Source: US National Harmful Algal Multiplication Office
Harmful algal blooms (HABs) occur in all 50 U.S. states and many produce toxins that cause illness or death to humans and commercially important species. However, attempts to place a more accurate dollar value on the full range of these influences often vary widely in their methods and level of detail, impeding an understanding of the scale of their social and economic impacts.
In order to improve and harmonize estimates of the impacts of harmful algal blooms nationwide, the National Oceanic and Atmospheric Administration (NOAA), the National Center for Coastal Oceanography (NCCOS) and the US National Office of Harmful Algal Propagation at the Woods Hole Oceanographic Institution (WHOI) held a workshop meeting led by a scientist Honorary Oceans at WHOI Porter Hoagland and Director of the NCCOS Event Monitoring and Response (MERHAB) Program, Marc Sudleson. Participants focused on approaches to better assess the social and economic impacts of harmful algal blooms in marine and freshwater ecosystems (primarily the Great Lakes) in the United States. The workshop proceedings report describes the group’s goals, and provides recommendations developed by 40 participants, most of them economists and sociologists from a range of US universities, agencies, and regions. Their recommendations fall into two broad categories: those intended to help establish a socio-economic assessment framework, and those that help establish a national agenda for harmful algal blooms research.
“This has been a goal of research and response communities for a long time, but coming to a strong national estimate has been difficult, for a number of reasons, mainly related to the diversity of algae species and the wide variety of methods they use can affect how humans use oceans and freshwater bodies,” Hoagland said. . “This gives us a strong base on which to build insight that will improve our estimates significantly.”
The framework recommendations call for strengthening inter-agency coordination; Improving research communications and coordination between research networks; Incorporate socioeconomic assessments into Harmful Algal Propagation Forecasts and Monitoring Networks; Use open access databases to create baselines and define primary exit cases; Facilitating rapid response to socio-economic studies; Improve public health outcome reporting and highlighting of HAB-related diseases; Promote the use of local and traditional ecological knowledge to improve harmful algal bloom responses; Involve affected communities in citizen science; Engage graduate students in HAB’s social and economic research.
The research agenda recommendations include elements necessary to address gaps in our understanding of the social and economic impacts of harmful algal blooms. It includes a proposed approach to obtain an improved national estimate of the economic impacts of harmful algal blooms; Support rapid ethnographic assessments and in-depth assessments of the social impacts of harmful algal blooms; Determine social and economic impact thresholds to initiate more detailed impact studies (as in the case of specific HABs); Sponsoring research on the value of scientific research leading to a better understanding of the flowering environment; Evaluate the value of HABs mitigation efforts, such as forecasts, control methods and implementation costs for each; Support research to improve communication about harmful algal bloom risk and traceability, and to improve understanding of the incidence, severity and costs of human disease associated with harmful algal blooms.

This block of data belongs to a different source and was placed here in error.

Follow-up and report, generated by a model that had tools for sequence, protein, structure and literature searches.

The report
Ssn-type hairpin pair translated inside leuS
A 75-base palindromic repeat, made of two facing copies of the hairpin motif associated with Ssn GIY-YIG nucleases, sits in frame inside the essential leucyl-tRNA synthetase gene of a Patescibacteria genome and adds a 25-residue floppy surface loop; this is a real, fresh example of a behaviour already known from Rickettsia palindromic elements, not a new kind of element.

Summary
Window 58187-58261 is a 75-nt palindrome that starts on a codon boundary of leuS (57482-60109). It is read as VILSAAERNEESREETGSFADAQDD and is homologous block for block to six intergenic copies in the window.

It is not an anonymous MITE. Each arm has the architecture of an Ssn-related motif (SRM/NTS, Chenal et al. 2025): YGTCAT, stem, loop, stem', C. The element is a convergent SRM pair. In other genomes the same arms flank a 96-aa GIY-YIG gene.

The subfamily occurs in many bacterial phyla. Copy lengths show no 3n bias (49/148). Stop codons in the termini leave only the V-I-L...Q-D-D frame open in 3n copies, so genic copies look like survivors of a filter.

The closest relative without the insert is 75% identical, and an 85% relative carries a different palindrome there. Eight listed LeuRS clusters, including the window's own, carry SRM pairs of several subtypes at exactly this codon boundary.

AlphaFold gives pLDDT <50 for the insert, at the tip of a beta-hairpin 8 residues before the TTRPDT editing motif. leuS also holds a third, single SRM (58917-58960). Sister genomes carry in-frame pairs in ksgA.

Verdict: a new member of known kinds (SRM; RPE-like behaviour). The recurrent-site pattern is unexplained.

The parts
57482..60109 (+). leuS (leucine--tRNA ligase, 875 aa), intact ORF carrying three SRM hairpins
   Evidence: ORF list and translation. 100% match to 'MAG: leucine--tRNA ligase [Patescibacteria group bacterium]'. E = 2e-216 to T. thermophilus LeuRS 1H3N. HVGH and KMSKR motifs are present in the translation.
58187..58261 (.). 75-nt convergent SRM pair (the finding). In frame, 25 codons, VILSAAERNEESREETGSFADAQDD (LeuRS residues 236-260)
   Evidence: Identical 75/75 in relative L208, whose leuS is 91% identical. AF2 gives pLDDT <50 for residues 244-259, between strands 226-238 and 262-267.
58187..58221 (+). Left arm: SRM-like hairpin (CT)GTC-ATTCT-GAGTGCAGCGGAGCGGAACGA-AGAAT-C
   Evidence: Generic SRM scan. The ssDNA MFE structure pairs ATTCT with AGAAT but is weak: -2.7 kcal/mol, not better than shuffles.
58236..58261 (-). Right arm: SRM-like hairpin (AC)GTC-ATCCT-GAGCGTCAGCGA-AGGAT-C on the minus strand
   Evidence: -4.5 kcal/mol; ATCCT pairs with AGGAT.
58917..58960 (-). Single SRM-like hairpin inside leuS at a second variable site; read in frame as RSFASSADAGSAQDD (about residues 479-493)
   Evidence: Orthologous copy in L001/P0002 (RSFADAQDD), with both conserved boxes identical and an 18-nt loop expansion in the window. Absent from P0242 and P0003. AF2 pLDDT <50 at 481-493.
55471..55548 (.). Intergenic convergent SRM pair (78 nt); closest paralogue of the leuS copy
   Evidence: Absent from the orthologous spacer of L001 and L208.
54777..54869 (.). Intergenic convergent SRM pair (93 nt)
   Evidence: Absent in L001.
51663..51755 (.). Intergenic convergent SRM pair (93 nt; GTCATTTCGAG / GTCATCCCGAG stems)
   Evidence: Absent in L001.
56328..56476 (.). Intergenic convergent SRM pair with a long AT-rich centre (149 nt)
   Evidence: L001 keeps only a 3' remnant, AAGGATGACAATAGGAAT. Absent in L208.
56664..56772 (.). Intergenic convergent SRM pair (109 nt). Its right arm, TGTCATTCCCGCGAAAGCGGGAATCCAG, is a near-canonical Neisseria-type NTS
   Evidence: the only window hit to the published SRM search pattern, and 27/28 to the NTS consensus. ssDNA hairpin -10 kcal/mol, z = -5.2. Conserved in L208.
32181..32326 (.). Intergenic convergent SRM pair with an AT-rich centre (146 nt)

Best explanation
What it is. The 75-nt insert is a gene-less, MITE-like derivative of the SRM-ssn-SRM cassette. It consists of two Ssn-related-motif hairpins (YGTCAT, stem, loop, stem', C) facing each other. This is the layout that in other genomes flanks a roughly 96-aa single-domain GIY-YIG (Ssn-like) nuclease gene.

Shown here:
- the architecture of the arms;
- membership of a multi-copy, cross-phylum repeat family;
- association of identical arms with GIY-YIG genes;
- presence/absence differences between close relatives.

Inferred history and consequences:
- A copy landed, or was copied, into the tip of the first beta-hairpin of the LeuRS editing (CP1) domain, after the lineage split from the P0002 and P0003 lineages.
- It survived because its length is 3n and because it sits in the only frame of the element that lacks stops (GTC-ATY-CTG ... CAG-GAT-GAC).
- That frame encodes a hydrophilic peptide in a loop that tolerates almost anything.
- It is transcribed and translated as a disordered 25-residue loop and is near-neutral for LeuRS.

“These recommendations give us a robust series of next steps to focus more on social and economic research related to harmful algal blooms,” said Don Anderson, director of the US National Office of Harmful Algal Populations. “The report is sure to stimulate further collaboration that will provide a better understanding of the many complex social and economic impacts of harmful algal blooms and provide the tools necessary to increase the effectiveness of efforts to reduce impacts on society and the environment.”
A detailed final action report and more information about the workshop are available on the US National HAB office website.
About Woods Hole Oceanographic Institution
The Woods Hole Oceanographic Institute (WHOI) is a private non-profit organization in Cape Cod, Massachusetts, dedicated to marine research, engineering, and higher education. Founded in 1930, its primary mission is to understand the ocean and its interaction with the Earth as a whole, and to communicate an understanding of the ocean’s role in the changing global environment. WHOI’s pioneering discoveries stems from a perfect blend of science and engineering – which has made it one of the most trusted and technologically advanced leaders in fundamental and applied ocean research and exploration anywhere. WHOI is known for its multidisciplinary approach, super-ship operations, and unparalleled capabilities of robotics in the deep sea. We play a leading role in ocean monitoring and operate the most comprehensive suite of data collection platforms in the world. Highest, engineers and students collaborate on more than 800 simultaneous projects around the world – both above and below the waves – pushing the boundaries of knowledge and capabilities. For more information, please visit http: // www.